Boeing’s Supply Chain Ramp-up — When You Can't Beat 'em, Buy 'em

Boeing's Dreamliner development and supply chain challenges have presented an unusually fascinating procurement reality show. The details of most new product-development projects remain sequestered within the corporation until launch. But largely due –- I suspect --  to Boeing's need to advance market its new bird along with ongoing labor union  issues and  start/stop supply chain engineering, the Dreamliner saga will be taught in B-schools for decades to come.

The latest chapter is unfolding in the (reduced emission) exhaust of the Dreamliner's maiden flight last week. This morning's WSJ reports that "Boeing [has] acquired the remaining 50% of the Global Aeronautica fuselage factory from Alenia North America, a unit of Italy’s Finmeccanica SpA [though] terms weren’t disclosed." The article postulates that "The deal to buy out Alenia North America also signals that Boeing may be willing to renegotiate with suppliers burdened by Dreamliner delays." Which is further supported by reports that "While suppliers haven't filed public claims against Boeing, many are negotiating with the Chicago-based aerospace giant over who should pay for delays and redesigns. To tighten supply chain oversight and speed production, Boeing has spent more than $1 billion in South Carolina alone to buy out struggling suppliers … [and] this summer bought a separate Vought factory in North Charleston, S.C., that makes the rear fuselage sections for the Dreamliner."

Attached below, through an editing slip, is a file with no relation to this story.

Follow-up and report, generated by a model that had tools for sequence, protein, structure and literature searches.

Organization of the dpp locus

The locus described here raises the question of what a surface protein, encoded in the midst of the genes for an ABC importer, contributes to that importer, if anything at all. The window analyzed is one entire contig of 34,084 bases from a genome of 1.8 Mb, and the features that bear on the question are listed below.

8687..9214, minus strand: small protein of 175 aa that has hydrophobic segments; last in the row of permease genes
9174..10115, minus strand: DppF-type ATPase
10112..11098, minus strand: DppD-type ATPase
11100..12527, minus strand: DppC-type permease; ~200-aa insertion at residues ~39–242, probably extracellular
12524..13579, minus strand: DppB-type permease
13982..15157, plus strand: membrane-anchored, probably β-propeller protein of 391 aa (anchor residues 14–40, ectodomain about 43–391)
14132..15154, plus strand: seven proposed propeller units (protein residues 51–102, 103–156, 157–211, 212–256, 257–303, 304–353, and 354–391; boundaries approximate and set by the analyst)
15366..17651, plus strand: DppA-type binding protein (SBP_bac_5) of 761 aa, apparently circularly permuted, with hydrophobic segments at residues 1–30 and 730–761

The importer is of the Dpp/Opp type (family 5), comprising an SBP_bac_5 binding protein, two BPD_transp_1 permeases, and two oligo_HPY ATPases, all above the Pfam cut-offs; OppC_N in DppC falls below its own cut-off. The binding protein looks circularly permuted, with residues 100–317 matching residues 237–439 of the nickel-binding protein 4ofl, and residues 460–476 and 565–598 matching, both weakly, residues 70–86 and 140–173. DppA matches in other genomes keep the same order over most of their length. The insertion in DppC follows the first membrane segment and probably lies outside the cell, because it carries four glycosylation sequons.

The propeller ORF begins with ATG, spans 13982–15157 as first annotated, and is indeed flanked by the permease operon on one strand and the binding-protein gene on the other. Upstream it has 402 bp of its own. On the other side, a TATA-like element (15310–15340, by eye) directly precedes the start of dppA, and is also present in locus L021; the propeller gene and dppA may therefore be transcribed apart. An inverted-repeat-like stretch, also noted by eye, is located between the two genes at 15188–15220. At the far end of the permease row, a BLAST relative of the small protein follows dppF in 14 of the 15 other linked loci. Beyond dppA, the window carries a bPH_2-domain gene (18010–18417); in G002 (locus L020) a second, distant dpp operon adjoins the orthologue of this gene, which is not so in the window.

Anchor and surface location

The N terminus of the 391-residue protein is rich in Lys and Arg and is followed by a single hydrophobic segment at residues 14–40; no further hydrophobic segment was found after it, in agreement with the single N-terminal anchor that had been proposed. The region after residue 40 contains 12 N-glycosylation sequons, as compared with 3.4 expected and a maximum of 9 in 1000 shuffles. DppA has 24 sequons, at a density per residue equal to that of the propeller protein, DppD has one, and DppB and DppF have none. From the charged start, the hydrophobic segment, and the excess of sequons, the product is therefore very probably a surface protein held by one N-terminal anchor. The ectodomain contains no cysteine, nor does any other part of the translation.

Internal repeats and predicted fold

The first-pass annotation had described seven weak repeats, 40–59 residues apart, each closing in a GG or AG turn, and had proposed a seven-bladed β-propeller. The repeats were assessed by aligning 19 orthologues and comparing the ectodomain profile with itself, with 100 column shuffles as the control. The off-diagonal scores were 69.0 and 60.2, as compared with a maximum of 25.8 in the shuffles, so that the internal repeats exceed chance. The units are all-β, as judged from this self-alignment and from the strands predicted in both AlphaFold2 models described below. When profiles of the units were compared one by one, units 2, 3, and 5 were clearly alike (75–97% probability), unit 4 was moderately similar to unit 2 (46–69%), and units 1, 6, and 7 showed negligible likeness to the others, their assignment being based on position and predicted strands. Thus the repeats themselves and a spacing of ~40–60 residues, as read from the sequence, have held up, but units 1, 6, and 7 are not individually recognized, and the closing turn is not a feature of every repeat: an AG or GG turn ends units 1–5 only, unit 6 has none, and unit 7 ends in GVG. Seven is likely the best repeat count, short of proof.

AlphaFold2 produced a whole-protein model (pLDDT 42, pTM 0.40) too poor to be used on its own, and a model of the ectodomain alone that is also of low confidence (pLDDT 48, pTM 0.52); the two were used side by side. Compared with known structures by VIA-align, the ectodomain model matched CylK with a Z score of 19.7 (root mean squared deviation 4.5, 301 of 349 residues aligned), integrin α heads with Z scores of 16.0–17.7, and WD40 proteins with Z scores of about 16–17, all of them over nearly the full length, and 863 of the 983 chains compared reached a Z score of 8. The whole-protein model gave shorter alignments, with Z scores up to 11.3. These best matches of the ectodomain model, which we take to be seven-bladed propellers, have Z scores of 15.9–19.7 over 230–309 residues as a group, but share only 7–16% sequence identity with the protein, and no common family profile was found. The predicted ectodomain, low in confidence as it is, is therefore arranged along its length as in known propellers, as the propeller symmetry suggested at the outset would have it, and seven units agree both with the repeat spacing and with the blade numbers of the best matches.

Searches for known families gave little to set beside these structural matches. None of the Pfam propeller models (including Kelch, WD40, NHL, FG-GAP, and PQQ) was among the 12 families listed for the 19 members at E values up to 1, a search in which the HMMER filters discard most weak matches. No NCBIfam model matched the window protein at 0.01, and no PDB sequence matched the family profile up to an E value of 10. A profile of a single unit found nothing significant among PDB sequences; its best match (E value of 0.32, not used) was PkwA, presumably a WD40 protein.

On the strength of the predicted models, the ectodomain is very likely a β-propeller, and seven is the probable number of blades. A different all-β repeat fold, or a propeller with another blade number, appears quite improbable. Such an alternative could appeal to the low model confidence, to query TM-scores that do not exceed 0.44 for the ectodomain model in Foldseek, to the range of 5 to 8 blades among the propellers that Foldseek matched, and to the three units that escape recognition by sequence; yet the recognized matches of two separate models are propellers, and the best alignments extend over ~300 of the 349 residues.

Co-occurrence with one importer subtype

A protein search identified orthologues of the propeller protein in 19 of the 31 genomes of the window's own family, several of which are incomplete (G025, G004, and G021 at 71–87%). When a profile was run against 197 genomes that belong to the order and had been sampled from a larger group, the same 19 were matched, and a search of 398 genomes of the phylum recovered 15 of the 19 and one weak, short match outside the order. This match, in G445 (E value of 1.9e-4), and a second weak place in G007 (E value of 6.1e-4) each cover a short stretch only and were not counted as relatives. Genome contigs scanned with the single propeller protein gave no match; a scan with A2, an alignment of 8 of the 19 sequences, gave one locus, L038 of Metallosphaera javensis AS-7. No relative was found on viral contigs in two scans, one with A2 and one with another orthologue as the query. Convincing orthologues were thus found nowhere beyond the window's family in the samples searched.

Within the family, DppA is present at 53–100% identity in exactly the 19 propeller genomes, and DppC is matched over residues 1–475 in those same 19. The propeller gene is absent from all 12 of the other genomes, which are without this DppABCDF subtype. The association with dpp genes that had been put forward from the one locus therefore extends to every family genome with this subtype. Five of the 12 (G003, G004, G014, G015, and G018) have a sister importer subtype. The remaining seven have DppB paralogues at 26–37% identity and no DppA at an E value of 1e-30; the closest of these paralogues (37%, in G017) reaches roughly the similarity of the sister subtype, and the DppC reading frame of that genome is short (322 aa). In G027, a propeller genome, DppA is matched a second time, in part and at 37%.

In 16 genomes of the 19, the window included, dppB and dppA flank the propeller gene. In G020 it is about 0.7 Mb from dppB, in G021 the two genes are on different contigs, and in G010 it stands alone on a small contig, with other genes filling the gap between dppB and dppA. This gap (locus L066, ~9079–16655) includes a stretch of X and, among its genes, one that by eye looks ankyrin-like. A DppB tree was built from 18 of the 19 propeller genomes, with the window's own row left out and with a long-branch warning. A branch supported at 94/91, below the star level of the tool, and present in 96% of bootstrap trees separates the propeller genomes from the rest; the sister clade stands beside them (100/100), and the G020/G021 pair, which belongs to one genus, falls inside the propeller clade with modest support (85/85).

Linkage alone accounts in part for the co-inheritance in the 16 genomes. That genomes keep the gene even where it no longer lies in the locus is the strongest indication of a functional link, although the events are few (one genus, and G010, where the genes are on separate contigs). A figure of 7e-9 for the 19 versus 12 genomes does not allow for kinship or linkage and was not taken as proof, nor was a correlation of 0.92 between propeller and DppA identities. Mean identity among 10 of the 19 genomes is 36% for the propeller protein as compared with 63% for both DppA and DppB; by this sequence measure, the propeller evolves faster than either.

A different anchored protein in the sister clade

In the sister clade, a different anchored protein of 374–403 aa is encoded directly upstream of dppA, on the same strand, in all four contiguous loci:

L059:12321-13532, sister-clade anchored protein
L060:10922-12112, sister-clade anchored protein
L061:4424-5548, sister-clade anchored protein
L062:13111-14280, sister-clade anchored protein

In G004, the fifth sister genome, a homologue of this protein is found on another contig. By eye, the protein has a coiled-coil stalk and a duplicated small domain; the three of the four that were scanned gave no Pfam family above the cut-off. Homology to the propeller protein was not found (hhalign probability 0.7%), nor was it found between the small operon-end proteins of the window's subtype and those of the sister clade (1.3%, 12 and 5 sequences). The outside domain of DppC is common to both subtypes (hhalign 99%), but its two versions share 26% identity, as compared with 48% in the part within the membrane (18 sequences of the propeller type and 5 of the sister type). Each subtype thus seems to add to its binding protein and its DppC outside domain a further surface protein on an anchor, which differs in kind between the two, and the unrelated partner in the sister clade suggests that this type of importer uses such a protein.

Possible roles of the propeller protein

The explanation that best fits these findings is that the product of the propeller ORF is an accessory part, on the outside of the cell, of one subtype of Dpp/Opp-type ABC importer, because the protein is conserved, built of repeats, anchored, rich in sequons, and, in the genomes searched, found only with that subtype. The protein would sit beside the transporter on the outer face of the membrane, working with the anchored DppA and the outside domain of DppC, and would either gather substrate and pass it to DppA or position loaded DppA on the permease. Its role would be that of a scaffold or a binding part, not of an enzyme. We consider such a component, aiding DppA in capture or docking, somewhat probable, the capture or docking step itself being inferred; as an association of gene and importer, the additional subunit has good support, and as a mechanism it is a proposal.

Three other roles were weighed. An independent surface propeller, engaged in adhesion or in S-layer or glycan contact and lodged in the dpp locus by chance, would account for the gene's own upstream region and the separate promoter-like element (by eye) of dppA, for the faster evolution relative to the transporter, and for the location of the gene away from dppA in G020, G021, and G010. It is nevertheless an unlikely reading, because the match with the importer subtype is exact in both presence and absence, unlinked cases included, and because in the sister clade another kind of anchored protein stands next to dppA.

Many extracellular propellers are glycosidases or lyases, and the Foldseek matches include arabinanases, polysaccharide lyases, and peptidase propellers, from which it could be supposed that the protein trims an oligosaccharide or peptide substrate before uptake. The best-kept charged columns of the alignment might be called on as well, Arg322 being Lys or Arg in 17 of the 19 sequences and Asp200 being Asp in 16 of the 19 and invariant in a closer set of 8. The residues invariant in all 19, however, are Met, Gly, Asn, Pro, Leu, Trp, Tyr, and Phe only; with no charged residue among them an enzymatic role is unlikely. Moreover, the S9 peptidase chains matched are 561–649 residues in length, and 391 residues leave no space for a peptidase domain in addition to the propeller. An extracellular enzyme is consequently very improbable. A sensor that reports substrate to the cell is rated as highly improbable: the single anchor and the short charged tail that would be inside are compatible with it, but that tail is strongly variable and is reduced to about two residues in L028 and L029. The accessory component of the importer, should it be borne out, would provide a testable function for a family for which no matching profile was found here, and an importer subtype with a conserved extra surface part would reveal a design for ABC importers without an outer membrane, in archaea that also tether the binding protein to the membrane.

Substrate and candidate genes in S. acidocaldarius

It would seem that in order to meet its WSJ-reported ambitious goal "to deliver seven Dreamliners a month by 2011 … and 10 a month by 2013" Boeing will also need to staunch the order cancellations that have rolled in from a more than two-year delay in delivery to finance further possible buy outs of its "more than 300 [remaining] global suppliers."

William Busch

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